After what we have said, the inference is plain that what heightens the merit of generous souls, what strengthens them in their resolves and links them more closely to God, is, for weak, inconstant, and unfaithful souls, an occasion of grievous sin. Therefore, says St. Clement, no one should make to God rash and thoughtless promises. We should be prudent in our actions, for it is better never to bind one's self by vow than not to fulfil the obligation when it has been contracted.[8] It is, then, important not to vow chastity before taking the advice of a prudent, learned, and virtuous confessor. The directors of souls should not lose sight of the wise advice given by St. Liguori : "Do not allow young women to take a vow of perpetual chastity unless they are known to be solidly virtuous, instructed in the rules of the spiritual life, and accustomed to prayer. In the beginning, they can be allowed to take the vow only from one feast to another."[9]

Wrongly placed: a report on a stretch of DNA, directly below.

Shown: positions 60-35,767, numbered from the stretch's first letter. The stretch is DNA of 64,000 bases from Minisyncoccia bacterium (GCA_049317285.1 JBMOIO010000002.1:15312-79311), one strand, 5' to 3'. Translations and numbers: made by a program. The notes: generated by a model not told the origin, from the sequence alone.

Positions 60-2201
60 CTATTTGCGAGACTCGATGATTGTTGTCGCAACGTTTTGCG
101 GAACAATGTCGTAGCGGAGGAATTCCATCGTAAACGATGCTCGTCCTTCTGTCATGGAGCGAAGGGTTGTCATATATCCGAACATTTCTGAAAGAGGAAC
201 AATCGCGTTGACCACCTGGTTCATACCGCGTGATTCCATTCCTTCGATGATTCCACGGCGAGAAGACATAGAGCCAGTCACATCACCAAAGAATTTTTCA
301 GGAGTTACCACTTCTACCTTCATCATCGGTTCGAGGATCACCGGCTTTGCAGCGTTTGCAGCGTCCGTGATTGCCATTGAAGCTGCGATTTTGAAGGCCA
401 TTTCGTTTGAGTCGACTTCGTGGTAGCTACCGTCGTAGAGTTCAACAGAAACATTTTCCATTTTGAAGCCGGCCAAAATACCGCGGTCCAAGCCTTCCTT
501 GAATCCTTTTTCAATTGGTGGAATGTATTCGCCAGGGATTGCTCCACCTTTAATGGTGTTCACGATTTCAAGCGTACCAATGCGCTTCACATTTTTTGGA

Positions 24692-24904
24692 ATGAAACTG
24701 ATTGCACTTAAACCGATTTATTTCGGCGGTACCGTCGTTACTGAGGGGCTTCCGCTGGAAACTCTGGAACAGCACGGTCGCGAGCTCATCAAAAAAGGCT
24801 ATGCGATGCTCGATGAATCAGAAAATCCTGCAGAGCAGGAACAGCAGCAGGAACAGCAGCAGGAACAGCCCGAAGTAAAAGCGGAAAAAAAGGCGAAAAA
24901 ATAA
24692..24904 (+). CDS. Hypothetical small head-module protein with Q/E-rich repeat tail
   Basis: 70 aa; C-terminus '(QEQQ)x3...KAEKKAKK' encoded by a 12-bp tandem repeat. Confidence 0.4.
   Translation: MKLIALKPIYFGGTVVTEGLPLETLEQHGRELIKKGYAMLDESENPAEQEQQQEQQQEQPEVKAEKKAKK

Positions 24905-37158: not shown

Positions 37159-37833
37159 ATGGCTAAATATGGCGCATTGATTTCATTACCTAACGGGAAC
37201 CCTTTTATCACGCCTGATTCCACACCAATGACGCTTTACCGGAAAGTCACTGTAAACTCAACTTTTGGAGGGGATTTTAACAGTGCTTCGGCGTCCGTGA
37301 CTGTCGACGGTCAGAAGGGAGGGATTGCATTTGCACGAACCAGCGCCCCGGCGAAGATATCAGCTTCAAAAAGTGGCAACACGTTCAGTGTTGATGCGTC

However, if it is inconsiderate to allow the vow of chastity to be taken without discretion, would it not be far more grievous to make it a maxim and an invariable rule to stifle and repress always the holy desire to consecrate one's self to God which grace begets in Christian souls ?

What has been said should teach persons who have vowed their chastity to God, how much they ought to be in dread of sins which their sacred engagements render still more terrible. "He that thinketh himself to stand, let him take heed lest he fall." (i Cor. 10, 12.) Therefore, let them guard against occasions, and take means to preserve their purity of soul and body. They should be faithful in frequenting the sacraments, and persevere in prayer.


  1. De statu perf. lib. I, c. viii, n. 3.
  2. De voto cast., lib. 9, c. i, n. 16.
  3. Suar., De voto cast., lib. 9, c. i, n. 19.
  4. Ibid., n. 21.
  5. St. Th.; opusc. 18, c. xii.
  6. Suar., De voto cast., lib. 9, c. ii, n. 2.
  7. Ibid., c. iii, n. 15.
  8. Lib. Const. Apost., cap. i, apud Suar., ibid. ; c. i, n. 18.
  9. Praxis confess., n. 93.